“I often tell my students that reading is an activity of the imagination, and the imagination in question is not the writer’s alone.”

This quote takes place in "Chapter 5: When in Doubt, It’s From Shakespeare..." after Foster has discussed the power of drawing on Shakespeare references to create new texts. Just as authors draw on Shakespeare’s imagination to flesh out their characters, add authority and context to their metaphors, and be in dialogue with a literary genius, so too do readers bring their imaginations to the process of reading. As Foster often mentions in the book, he believes there is a single story, one that has always been written and will continue to be written. In a sense, the reader brings their own imagination to that single story and creates their own personal story from all the literature and history and art they interact with in their lifetimes. By spotlighting the role of the reader’s imagination, Foster empowers readers to get messy with text and bring their own slant on the meaning that lies beneath the surface.

“Characters are products of writers’ imaginations—and readers’ imaginations. Two powerful forces come together to make a literary character. The writer invents him, using such elements of memory and observation and invention as she needs, and the reader—not readers collectively this time but each individual reader in private—reinvents him, using those same element of his memory, his observation, and his invention.”

This quote takes place in "Chapter 10: Never Stand Next to the Hero", as Foster is discussing the true nature of character, reminding readers that characters aren’t people but instead the product of authors’ imaginations. Here, he also illustrates that characters are the result of an alchemy between the writer’s imagination and the reader’s imagination. This alchemy allows readers to form emotional connections to characters, care deeply what happens to them, and even imagine futures that aren’t written on the page. Because reading itself is an imaginative act, the reader brings their own personality to their understanding of the character. This act is different than interacting with a living person and instead creates the opportunity for the reader to understand the symbolic nature of the character. In doing, readers often learn about themselves and what it means to be human in an entirely unique way.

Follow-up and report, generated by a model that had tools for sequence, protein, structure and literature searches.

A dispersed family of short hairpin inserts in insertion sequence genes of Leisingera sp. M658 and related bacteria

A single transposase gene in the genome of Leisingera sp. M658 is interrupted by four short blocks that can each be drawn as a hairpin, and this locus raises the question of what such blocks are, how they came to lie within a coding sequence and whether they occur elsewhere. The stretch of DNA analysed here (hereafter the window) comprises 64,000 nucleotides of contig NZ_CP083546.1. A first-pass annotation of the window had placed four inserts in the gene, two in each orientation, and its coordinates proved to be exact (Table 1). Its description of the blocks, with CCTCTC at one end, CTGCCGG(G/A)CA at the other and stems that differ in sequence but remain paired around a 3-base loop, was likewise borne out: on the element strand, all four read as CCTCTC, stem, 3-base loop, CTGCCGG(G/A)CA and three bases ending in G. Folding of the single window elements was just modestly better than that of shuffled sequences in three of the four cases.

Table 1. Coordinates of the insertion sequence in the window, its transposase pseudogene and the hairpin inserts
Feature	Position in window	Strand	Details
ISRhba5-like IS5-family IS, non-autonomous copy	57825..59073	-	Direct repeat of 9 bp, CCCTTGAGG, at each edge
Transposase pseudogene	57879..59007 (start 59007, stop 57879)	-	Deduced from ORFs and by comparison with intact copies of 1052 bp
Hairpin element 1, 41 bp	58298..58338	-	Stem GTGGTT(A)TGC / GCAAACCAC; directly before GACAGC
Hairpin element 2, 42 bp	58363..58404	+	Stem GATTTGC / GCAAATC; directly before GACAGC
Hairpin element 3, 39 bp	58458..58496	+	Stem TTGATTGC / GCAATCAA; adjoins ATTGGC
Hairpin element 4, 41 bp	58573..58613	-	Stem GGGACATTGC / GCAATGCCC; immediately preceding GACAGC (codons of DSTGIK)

“Stop apologizing! It doesn’t help, and it sells the speaker short. Be intelligent, be bold, be assertive, be self-confident in your reading. It is your opinion (but not “just”) and you might be wrong, although that’s less likely than most students think. So here’s my final piece of advice: Own the books you read.”

This quote takes place in the Postscript, as Foster is encouraging his readers to take ownership of what they read. Here, Foster tells his readers not to apologize for their interpretations. In the same way that any creative act takes bravery, boldness, and confidence, owning the imaginative act of reading takes a degree of courage. Taking ownership of the books one reads means honoring the imaginative act of reading. Because Foster believes so fervently in the magic that happens when a writer’s imagination interacts with a reader’s imagination, he also believes in the power of each reader to assert their individual interpretations. Foster also hints here at how difficult it is to be wrong when creatively engaging with a text. Though some interpretations are off-base or not supported by the text, more often than not, a reader’s intuition can guide them to the deeper truth within a work of literature.